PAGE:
Shane is perhaps the least gritty of our live-action selections, and a purer reminder of TV Western productions like The Lone Ranger and The Rifleman, where the bad guys wind up in jail whilst the hero rides away largely unscathed. Shane is similar; it’s wholesome even in the face of combat, even virtuous in a lawless genre. Sure, it has its share of ruthless bar fights and no-nonsense dialogue. But for every chair shattering over Shane’s back, there’s an equal admiring glance from young Joey, who idolizes the former to an extent that reaches the audience.

Shane is vulnerable, yes. He takes punches. He bleeds. But the moral incorrigibility that he steadfastly carries throughout the film is certainly deserving of the admiration, just as it is a rarity in the genre. While his past may be shrouded in mystery, there is no grit or darkness to his character. He is Good with a capital G, and it is a refreshing spin amidst the litany of heavier Westerns in our collection.

Akshat Singhal

Django Unchained (2012)
Director: Quentin Tarantino
Writer: Quentin Tarantino
Stars: Jamie Foxx, Christoph Waltz, Leonardo DiCaprio

Quentin Tarantino may be a one-trick pony, but that one trick he does know has made him into one of the most iconic directors of our time. Django Unchained is no different his previous masterpieces, taking place in the slavery era. Christoph Waltz, Jamie Foxx, Kerry Washington, and Leonardo DiCaprio headline a star-studded cast in the violence-filled “Spaghetti” Western film.

Tarantino pays homage to many traditional Westerns, from the typeface of the title and the opening theme song to showing various locations that had been previously made famous in other westerns.

The film focuses on Schultz (Waltz) and former-slave Django (Foxx) on the hunt to rescue Django’s wife. The blood and gore that follows the two throughout their journey are exactly what you’d expect from a Tarantino movie, and yet at times, I found myself wanting more.

DiCaprio stars as Calvin Candie, the plantation owner who also owns Django’s wife. I’d be hard-pressed to find a word to aptly describe Candie, who frequently has his slaves participate in wrestling matches to the death for his enjoyment. The portrayal of Candie’s character was met with some controversy due to the violence and language used. It’s not Tarantino’s absolute best work, clocking in at 2 hours and 45 minutes. It’s probably 45 minutes too long, but the work of the star-studded cast makes it a worthwhile watch for all those who can stomach the gore.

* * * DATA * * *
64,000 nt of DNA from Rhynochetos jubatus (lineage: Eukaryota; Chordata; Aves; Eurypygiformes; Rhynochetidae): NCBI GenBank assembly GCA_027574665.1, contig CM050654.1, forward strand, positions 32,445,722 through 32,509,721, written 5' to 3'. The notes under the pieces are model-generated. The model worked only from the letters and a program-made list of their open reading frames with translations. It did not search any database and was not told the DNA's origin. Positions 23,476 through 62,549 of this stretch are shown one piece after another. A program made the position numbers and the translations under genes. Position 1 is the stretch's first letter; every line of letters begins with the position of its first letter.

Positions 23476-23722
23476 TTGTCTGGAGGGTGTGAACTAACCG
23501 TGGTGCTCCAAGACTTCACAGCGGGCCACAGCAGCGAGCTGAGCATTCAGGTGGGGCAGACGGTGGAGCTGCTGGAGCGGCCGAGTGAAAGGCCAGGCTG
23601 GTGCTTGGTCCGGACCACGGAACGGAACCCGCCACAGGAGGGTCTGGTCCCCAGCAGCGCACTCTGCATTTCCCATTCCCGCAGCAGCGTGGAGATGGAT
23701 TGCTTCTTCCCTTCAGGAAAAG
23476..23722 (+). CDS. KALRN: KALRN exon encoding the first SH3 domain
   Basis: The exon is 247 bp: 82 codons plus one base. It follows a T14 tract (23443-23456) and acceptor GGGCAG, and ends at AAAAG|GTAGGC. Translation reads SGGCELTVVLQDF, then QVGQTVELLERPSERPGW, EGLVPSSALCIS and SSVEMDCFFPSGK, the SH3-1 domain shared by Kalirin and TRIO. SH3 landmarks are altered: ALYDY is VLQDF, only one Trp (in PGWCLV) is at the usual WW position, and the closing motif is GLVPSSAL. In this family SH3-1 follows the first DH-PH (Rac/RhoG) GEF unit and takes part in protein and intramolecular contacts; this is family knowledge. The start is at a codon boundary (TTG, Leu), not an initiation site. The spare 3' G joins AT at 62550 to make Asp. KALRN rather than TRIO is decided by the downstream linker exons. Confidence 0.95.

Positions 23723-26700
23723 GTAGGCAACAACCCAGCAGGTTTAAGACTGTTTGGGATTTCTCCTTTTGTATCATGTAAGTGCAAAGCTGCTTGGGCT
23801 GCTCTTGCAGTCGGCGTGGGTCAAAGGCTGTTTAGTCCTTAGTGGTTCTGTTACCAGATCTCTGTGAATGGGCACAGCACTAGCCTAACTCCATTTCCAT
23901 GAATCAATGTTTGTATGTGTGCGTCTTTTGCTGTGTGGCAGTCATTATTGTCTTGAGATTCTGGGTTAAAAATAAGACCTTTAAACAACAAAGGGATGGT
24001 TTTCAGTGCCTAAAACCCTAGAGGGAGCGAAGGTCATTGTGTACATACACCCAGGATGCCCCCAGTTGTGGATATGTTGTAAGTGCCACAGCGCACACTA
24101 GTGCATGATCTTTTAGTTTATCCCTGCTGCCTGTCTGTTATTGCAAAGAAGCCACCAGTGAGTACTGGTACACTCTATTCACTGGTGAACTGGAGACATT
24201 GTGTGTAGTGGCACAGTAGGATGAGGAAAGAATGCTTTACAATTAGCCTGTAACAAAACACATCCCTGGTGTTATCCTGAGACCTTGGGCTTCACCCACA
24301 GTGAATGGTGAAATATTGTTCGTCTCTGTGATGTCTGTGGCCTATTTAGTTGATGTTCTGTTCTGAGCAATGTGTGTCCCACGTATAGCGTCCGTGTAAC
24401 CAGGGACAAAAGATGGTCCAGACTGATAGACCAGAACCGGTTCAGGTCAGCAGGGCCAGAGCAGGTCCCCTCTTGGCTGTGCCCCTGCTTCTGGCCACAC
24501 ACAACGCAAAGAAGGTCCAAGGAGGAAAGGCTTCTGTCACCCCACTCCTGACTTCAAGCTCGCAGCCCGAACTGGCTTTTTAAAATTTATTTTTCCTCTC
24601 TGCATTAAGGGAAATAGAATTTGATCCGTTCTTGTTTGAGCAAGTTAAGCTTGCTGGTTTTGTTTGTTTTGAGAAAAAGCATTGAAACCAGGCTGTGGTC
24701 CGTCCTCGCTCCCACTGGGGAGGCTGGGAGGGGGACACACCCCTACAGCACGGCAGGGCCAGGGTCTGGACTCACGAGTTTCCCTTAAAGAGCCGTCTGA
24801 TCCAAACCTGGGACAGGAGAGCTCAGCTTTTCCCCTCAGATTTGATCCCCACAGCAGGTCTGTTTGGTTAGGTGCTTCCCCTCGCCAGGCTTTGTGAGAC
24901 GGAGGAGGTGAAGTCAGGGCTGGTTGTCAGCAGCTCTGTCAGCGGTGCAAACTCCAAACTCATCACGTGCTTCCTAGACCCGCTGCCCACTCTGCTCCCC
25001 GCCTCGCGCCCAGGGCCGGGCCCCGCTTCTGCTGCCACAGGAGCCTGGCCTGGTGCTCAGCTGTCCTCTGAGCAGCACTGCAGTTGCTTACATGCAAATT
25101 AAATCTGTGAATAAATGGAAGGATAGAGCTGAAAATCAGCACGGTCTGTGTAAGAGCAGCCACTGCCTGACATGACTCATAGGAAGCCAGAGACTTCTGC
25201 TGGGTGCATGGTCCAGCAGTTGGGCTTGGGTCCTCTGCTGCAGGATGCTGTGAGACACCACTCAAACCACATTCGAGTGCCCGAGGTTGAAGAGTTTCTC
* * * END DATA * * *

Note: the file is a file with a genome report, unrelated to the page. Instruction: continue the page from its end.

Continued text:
Drew Steele

A Fistful of Dollars (1964)
Director: Sergio Leone
Writers: Adriano Bolzoni, Mark Lowell, Víctor Andrés Catena, Sergio Leone, Víctor Andrés Catena, Jaime Comas Gil, Fernando Di Leo, Duccio Tessari, Tonino Valerii
Stars: Clint Eastwood, Gian Maria Volontè, Marianne Koch

You’re probably thinking to yourself, “Finally, a Clint Eastwood movie!” You’re also probably thinking to yourself, “Why isn’t this selection The Good, the Bad, and the Ugly!?” Fair question, but I have a fair reason.

Yojimbo A Fistful of Dollars may not have been the first Spaghetti Western, but it certainly was the genre-defining Spaghetti Western. The film effectively launched Clint Eastwood into superstardom and allowed the brilliant Sergio Leone to be, well, brilliant in other films. Without Dollars, there isn’t The Good, the Bad, and the Ugly or Once Upon a Time in the West; Clint Eastwood isn’t “Clint Eastwood,” and doesn’t get to make the exceptional Unforgiven. The first film of “The Man with No Name” trilogy truly that important.

From its signature style — wide, panned-out landscape shots of the “American West” and zoomed-in close-ups during dramatically tense moments — to the iconic Ennio Morricone score, it’s far too difficult to hate A Fistful of Dollars. It has everything you want out of a Western: the morally ambiguous anti-hero, standoffs, gunfights, and of course, violence. A Fistful of Dollars is usually my first recommendation for people to get into Westerns, even before the John Ford classics because of the aforementioned characteristics. The grandeur of the film and its loose sequels is everything I want in a Western. It’s a staple of the genre and can never be overlooked.

It’s crazy to me that of all the possible choices, we ended up with two Coen Brother’s films, three films released in 2007, and no John Ford or John Wayne. Oh well, what can you do right? It’s not like these choices are bad. Quite frankly, they are excellent.

If you are new to the Movie Watcher’s Club, do not hesitate to check out the series. It’s been going on for a number of months now. If you rather just look at the movies we selected, Letterboxd is the place for you. And don’t forget to stay tuned for April’s list. The topic is going to be a hoot!